Alexey Zvolinskiy

About Alexey Zvolinskiy

Alexey is a test developer with solid experience in automation of web-applications using Java, TestNG and Selenium. He is so much into QA that even after work he provides training courses for junior QA engineers.

Design Patterns: Builder

Sometimes there is a need to create a complex object in application. The one solution for this is a Factory pattern, the another one is a Builder design pattern. In some situation you even can combine these two patterns. But in this article I want to examine the Builder design pattern. The first thing which I need to say that it is a creational pattern.java-design-patterns In what situations you should use the Builder design pattern? Definitely when creation of the object requires a plenty of another independent objects. When you want to hide creation process from the user. When you can have different representation of the object in the end of the construction process.

Let’s proceed with a code example. UML scheme of the pattern:

builder-design-pattern-java

As I mentioned the Builder pattern is the creational pattern. This circumstance implies creation of some object (product) in the end of the process. The product is created with the help of a concrete builder, in its turn the builder has some parent builder class or interface. The final point of the pattern is a director class, it is responsible for creation of the concrete builder for the appropriate product.

The example will be based on famous and epic computer game – StarCraft. A role of the product will play a Zealot it is a simple battle Protoss unit. The director’s role will play a Gateway. And the concrete builder is a ZealotBuilder. All code I will provide below:

Abstract class for the game units:

public abstract class Unit {

	protected int hitPoints;
	protected int armor;
	protected int damage;

	public int getHitPoints() {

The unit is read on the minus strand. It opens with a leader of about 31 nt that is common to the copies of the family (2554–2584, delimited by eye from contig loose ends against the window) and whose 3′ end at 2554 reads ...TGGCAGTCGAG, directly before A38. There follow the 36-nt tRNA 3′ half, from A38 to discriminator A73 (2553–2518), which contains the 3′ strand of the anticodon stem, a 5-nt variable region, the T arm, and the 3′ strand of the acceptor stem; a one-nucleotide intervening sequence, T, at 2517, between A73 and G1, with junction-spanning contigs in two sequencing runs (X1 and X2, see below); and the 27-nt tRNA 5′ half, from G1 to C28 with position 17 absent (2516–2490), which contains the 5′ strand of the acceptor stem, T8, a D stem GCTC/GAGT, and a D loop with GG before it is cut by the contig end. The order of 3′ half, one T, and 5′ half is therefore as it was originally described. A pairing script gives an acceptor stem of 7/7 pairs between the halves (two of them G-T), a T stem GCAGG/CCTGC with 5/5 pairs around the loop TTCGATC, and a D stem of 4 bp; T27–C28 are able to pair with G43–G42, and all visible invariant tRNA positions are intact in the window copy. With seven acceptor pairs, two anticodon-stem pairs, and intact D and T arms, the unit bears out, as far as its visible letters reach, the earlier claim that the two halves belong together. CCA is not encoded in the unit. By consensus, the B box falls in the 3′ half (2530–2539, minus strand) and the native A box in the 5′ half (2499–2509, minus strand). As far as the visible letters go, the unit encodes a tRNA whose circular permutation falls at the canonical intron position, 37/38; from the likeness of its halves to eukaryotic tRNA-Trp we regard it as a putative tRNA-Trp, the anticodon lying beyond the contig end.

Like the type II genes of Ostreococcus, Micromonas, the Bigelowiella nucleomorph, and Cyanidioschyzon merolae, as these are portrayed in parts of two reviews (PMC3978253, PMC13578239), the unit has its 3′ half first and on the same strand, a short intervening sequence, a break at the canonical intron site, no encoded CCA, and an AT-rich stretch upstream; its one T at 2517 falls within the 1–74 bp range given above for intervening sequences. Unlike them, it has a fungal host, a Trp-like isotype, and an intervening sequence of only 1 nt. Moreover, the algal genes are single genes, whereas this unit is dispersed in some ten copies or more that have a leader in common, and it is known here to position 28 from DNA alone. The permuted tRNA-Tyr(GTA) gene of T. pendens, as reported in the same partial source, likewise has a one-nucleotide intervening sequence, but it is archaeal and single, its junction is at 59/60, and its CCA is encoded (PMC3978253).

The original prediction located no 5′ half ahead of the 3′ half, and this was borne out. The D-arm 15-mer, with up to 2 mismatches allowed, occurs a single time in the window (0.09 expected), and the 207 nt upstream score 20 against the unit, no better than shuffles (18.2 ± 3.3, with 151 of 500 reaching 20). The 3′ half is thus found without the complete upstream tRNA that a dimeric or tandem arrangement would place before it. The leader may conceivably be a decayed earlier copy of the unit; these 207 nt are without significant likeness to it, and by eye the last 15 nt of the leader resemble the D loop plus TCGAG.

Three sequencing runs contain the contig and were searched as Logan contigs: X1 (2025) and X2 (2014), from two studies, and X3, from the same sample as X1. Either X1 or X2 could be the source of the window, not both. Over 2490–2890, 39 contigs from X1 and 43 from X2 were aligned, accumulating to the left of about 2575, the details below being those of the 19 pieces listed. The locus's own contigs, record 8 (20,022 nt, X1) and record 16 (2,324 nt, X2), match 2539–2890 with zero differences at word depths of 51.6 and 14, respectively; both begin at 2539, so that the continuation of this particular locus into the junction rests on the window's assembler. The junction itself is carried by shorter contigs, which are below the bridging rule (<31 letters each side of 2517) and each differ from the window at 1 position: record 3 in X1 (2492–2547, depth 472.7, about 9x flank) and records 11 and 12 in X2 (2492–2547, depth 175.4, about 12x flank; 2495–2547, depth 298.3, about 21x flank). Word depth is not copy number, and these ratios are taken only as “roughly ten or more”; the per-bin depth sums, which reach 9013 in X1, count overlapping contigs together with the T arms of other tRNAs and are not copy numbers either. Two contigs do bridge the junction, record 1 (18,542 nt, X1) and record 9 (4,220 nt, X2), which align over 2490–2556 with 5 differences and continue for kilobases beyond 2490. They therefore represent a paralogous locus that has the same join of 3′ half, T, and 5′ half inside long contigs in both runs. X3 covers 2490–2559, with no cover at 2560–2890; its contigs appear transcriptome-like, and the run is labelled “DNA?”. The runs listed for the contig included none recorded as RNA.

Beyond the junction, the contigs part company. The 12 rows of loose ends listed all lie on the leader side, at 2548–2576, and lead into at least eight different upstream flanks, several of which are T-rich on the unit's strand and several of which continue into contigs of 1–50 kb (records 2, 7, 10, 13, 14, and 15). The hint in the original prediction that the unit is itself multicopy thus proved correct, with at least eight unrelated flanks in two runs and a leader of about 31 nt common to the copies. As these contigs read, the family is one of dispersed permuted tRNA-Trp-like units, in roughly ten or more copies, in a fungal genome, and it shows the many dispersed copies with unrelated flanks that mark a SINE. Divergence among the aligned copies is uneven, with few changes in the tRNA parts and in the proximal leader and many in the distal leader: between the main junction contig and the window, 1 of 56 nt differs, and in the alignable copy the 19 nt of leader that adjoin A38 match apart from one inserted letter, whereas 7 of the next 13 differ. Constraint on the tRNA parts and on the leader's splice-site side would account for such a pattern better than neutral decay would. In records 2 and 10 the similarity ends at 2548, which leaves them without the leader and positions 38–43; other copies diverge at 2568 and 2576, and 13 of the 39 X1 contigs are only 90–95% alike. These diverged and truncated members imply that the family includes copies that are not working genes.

return hitPoints;
	}

	public void setHitPoints(int hitPoints) {
		this.hitPoints = hitPoints;
	}

	public int getArmor() {
		return armor;
	}

	public void setArmor(int armor) {
		this.armor = armor;
	}

	public int getDamage() {
		return damage;
	}

	public void setDamage(int damage) {
		this.damage = damage;
	}

}

Class of the Zealot (product):

public class Zealot extends Unit {

	public String toString() {
		return "Zealot is ready!"+
				"\nHitPoints: "+getHitPoints()+
				"\nArmor: "+getArmor()+
				"\nDamage: "+getDamage();
	}

}

Interface of the builder:

public interface UnitBuilder {

	public void buildHitPoints();
	public void buildArmor();
	public void buildDamage();
	public Unit getUnit();

}

Implementation of the builder interface:

public class ZealotBuilder implements UnitBuilder {

	private Unit unit;

	public ZealotBuilder() {
		unit = new Zealot();
	}

	@Override
	public void buildHitPoints() {
		unit.setHitPoints(100);
	}

	@Override
	public void buildArmor() {
		unit.setArmor(50);
	}

	@Override
	public void buildDamage() {
		unit.setDamage(8);
	}

	@Override
	public Unit getUnit() {
		return unit;
	}

}

The Gateway (Director) class:

public class Gateway {

	public Unit constructUnit(UnitBuilder builder) {
		builder.buildHitPoints();
		builder.buildArmor();
		builder.buildDamage();
		return builder.getUnit();
	}

}

And now let’s see how it works all together:

...
	public static void main(String[] args) {

		UnitBuilder builder = new ZealotBuilder();
		Gateway director = new Gateway();
		Unit product = director.constructUnit(builder);
		System.out.println(product);

	}
...

The result of the last code snippet is:

Zealot is ready!
HitPoints: 100
Armor: 50
Damage: 8

So as you can see the Builder design pattern is really helpful in situation when you need to create complex objects. The example in the tutorial wasn’t really hard, but now you can imagine in what situation you can apply this approach. More articles about the design patterns you can find here.
 

Reference: Design Patterns: Builder from our JCG partner Alexey Zvolinskiy at the Fruzenshtein’s notes blog.
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